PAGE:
As Toronto’s Planned Parenthood launches first personalized sexual health texting service for teens which allows them to anonymously text their sexual health questions to peer volunteers where they can get reliable answers on relationships, birth control, stds, puberty and other sexual health topics.  This local program makes me think about the articles in the WHO bulletin on the ways in which mobile phones are being used to improve health informational access throughout Africa.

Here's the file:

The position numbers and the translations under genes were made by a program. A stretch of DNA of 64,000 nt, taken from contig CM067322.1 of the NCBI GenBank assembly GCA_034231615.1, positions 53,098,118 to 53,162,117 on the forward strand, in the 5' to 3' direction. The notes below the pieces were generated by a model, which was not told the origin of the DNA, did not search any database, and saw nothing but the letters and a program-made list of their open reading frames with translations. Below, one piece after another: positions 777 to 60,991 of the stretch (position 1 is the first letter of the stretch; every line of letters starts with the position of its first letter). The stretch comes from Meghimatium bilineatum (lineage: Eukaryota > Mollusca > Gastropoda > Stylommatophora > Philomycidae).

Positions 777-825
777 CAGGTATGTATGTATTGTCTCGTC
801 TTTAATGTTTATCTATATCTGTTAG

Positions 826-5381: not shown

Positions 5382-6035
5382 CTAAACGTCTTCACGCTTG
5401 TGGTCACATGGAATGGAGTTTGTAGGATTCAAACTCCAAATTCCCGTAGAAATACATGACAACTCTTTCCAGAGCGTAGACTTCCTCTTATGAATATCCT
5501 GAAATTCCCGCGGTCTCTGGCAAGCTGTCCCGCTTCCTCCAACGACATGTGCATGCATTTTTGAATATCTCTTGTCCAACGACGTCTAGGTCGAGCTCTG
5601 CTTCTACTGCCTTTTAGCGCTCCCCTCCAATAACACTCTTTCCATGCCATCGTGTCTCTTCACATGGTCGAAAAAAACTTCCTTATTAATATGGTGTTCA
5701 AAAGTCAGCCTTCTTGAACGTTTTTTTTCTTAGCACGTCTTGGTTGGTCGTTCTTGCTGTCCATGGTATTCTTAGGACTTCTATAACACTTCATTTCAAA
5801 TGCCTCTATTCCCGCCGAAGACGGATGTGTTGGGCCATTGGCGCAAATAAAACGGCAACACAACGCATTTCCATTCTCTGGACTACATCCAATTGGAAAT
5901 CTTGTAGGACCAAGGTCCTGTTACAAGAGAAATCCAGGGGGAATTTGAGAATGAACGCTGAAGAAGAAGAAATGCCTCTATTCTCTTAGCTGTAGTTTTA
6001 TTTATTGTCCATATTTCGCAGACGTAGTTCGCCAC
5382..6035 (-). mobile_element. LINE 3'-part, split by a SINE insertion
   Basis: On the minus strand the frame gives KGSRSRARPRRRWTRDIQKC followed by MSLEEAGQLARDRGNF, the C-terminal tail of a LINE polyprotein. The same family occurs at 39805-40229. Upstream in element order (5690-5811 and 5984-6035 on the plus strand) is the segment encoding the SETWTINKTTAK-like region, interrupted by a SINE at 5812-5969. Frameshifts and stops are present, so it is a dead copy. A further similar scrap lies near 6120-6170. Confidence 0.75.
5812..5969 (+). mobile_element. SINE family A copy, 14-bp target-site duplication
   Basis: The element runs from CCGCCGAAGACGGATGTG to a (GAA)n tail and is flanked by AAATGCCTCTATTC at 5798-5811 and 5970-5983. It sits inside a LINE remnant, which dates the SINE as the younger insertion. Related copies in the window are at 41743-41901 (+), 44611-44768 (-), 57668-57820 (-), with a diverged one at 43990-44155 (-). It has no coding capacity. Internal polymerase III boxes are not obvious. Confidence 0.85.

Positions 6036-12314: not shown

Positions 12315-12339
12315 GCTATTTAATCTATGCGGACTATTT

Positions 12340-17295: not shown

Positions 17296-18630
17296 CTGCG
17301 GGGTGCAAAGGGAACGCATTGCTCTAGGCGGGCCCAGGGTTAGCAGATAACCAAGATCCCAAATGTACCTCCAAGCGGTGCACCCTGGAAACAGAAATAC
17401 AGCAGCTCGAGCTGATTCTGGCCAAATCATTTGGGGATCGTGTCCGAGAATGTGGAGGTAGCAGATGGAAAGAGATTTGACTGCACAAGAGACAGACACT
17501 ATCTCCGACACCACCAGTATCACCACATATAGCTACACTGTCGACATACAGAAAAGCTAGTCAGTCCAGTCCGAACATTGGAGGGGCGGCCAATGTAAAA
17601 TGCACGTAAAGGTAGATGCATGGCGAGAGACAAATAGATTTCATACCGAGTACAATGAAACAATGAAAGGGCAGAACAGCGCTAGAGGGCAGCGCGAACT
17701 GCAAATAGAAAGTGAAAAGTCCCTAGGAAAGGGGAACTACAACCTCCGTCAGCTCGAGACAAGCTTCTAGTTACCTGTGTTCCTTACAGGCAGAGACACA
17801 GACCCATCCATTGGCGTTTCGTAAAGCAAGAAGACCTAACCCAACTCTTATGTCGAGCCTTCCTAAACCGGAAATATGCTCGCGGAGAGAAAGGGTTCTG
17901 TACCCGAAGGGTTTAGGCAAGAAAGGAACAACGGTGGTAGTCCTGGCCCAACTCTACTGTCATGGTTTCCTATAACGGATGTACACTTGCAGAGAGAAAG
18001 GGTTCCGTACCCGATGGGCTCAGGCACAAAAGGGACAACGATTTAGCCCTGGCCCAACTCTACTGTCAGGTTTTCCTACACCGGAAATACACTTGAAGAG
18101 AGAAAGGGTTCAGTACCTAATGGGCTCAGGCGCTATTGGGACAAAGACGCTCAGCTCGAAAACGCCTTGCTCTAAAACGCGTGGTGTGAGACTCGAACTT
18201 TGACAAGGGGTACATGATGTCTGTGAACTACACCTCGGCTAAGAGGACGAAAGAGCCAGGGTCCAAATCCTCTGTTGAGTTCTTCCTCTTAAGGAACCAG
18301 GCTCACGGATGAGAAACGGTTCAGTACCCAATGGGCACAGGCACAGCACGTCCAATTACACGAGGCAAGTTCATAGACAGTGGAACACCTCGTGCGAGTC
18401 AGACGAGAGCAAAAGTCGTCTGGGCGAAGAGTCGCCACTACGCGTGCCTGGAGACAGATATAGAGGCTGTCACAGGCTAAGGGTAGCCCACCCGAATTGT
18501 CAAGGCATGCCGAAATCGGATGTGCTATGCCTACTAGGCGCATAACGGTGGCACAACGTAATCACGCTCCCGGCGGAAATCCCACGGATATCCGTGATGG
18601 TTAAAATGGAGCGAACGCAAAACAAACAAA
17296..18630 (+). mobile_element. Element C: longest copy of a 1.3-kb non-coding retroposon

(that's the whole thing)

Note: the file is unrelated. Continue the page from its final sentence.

Although phone ownership is not guaranteed among youths throughout Africa, similar programs such as John Dusabe are emerging. Dusabe from Liverpool School of Tropical Health Medicine has developed a SMS system that allows village drug stores in the Mwanza region of Tanzania to text local health centers and dispensaries when young people come in seeking help. This aids in improved information access as the majority of those who own drugs stores do not have a medical background. Text messages are more efficient than waiting for paperwork to come through from knowledgeable sources.